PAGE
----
Cottage Food Kitchen
As defined by Illinois law, a “Cottage Food Operation” means an operation conducted in a home kitchen. Cottage Food Law was created with the intent of supporting the growth of small businesses by creating regulations that allow food entrepreneurs to use their home kitchens to make food products. Cottage Food Operations are limited in the type of products they can make, the places they can sell their products, and require particular labeling/signage.
At Gard Mo we also think of Cottage Food as a cuisine. One that is seasonal, local, and practical. Ben first experienced this sort of cuisine during a tour of small farms in southern Europe. The food that filled these farmer’s tables is what Gard Mo draws inspiration from; food that ebbs and flows with the season, highlighting it at its peak, while also preserving and extending in order to make the most of the bounty that well-cared-for land and hard-work provides.
Interested in learning more about Cottage Food Law? Check out this guide from the Illinois Stewardship Alliance
In French, ‘Garde Manger’ literally translates to “keeping to eat” but more commonly translates to “pantry.” In pre-revolutionary France, the term came to refer to the kitchen worker responsible for the storage of large amounts of foodstuffs, an extremely important position prior to refrigeration. In modern restaurants, Garde Manger (often reduced to Gard Mo) is the title of the cook in charge of the salad station who is also usually (no-pun intended) the greenest cook in the kitchen.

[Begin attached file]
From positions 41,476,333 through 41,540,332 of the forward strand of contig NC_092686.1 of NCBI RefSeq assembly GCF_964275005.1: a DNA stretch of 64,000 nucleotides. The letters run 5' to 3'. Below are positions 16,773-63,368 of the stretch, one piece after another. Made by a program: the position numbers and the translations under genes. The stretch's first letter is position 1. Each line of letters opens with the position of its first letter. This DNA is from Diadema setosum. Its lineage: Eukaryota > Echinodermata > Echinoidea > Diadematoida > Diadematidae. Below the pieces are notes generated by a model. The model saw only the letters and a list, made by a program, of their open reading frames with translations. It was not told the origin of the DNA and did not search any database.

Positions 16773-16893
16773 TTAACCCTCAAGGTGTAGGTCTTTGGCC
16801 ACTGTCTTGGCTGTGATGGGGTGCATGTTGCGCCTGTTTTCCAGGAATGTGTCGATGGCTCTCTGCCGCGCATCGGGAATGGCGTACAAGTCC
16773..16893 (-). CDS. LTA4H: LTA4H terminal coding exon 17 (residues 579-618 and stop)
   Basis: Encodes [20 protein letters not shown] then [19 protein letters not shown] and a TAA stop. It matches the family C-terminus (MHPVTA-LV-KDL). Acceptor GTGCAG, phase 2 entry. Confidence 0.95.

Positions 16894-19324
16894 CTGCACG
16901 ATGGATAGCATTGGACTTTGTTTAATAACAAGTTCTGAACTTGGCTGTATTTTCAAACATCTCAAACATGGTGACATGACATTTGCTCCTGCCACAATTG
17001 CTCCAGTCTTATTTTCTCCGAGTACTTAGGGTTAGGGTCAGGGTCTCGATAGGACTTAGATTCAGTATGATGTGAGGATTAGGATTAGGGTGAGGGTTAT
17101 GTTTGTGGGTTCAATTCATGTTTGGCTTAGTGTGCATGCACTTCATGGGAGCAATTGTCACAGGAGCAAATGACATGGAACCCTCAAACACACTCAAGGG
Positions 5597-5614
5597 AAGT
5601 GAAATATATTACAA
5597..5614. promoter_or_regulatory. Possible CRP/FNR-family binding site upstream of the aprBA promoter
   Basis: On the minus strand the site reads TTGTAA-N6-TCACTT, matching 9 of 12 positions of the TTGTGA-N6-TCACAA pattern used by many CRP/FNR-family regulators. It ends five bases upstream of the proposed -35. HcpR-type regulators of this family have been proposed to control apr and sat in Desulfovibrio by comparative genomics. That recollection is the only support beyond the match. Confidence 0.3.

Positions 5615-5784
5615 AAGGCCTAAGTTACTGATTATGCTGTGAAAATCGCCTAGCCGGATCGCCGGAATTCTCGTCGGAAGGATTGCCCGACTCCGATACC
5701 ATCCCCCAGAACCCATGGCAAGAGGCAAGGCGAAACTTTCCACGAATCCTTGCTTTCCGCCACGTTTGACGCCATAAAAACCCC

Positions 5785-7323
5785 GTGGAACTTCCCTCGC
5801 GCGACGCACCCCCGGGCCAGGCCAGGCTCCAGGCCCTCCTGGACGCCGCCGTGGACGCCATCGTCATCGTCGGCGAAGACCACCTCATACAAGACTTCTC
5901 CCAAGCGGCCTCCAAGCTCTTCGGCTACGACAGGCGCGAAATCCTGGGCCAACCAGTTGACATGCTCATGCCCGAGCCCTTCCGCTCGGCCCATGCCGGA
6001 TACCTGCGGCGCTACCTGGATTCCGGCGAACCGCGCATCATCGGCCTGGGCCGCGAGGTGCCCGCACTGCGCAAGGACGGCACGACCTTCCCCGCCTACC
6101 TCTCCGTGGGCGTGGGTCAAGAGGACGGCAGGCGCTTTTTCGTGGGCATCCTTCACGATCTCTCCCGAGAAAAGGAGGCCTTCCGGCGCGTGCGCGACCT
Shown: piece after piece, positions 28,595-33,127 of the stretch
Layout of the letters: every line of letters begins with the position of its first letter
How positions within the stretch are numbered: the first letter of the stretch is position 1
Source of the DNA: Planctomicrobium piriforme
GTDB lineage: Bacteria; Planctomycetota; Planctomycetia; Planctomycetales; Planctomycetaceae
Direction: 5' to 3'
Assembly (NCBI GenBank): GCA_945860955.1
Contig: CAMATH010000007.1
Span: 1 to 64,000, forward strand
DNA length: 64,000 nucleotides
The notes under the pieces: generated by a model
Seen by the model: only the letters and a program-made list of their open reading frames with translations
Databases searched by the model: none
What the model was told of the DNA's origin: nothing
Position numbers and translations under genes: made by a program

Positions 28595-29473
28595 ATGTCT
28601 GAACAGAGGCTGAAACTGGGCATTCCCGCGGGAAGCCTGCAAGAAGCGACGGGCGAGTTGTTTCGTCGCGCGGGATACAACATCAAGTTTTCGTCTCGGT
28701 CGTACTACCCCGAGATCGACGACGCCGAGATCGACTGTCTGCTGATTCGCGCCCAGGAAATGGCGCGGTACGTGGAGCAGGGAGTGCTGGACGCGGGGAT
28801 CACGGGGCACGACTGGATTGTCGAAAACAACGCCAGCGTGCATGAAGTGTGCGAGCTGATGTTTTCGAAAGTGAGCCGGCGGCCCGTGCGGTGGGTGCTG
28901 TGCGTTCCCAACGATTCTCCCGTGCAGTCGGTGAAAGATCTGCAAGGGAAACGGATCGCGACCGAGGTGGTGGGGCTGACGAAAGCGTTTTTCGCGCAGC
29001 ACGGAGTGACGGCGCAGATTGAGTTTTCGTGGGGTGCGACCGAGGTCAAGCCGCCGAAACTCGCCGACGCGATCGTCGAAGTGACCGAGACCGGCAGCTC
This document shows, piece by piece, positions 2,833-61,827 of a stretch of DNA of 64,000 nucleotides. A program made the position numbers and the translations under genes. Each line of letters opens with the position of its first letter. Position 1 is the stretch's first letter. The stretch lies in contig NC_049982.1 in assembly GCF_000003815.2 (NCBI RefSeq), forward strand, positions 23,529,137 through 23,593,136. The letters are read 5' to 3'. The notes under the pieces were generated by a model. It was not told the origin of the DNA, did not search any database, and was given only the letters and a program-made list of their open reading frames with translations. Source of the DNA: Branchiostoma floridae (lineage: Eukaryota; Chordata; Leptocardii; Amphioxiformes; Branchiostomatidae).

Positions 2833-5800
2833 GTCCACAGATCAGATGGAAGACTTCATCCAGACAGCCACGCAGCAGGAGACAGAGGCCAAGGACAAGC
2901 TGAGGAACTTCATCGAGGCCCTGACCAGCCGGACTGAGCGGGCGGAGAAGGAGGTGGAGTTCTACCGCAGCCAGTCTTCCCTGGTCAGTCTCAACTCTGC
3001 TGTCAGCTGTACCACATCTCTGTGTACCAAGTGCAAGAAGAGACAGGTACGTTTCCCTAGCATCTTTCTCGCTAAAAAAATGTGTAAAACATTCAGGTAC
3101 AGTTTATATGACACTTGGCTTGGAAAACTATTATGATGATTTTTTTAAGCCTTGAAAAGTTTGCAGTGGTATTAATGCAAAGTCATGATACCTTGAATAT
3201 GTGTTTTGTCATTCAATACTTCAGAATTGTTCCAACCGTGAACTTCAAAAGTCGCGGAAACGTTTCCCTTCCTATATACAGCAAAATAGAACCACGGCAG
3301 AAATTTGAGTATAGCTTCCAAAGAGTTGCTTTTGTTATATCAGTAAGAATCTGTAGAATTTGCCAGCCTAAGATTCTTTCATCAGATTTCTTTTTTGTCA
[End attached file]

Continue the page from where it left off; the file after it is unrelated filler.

We chose the name as an homage to the original French Garde Manger, who used clever preservation techniques to extend the seasons of bountiful produce, but also to the “green” cook who’s just getting their footing.
At Gard Mo, we aim to make the most of local, seasonal food by “keeping to eat” farm-fresh produce at its peak and capturing it to extend its season through various preservation methods. This creates a diverse pantry of ingredients that enables creative seasonal dishes, all while being locally-grown.
We believe in local for a multitude of reasons, but we will try to convince you with just three points:
People talk about terrior when it comes to wine and grapes, but the principles of terrior actually apply to all produce when they’re grown at the small scale and with the care and respect as wine grapes are grown. In the Midwest, and Chicagoland in particular, we have some of the best growing conditions in the world, despite the short seasons. This is highlighted by the significant amount of commodity agriculture in Illinois, Iowa, and Minnesota. Cheese and dairy are central to Wisconsin’s identity. And the sandy soil along the west coast of Michigan produces amazing fruit. In addition to the terroir of the food, the number of different types of any single crop grown by local farms makes it more exciting and full of variety vs the slim-picking of mono-culture produce found at grocery stores. Combined with a shorter harvest-to-table time, locally grown food is without a doubt more delicious than anything shipped from outside of the Midwest.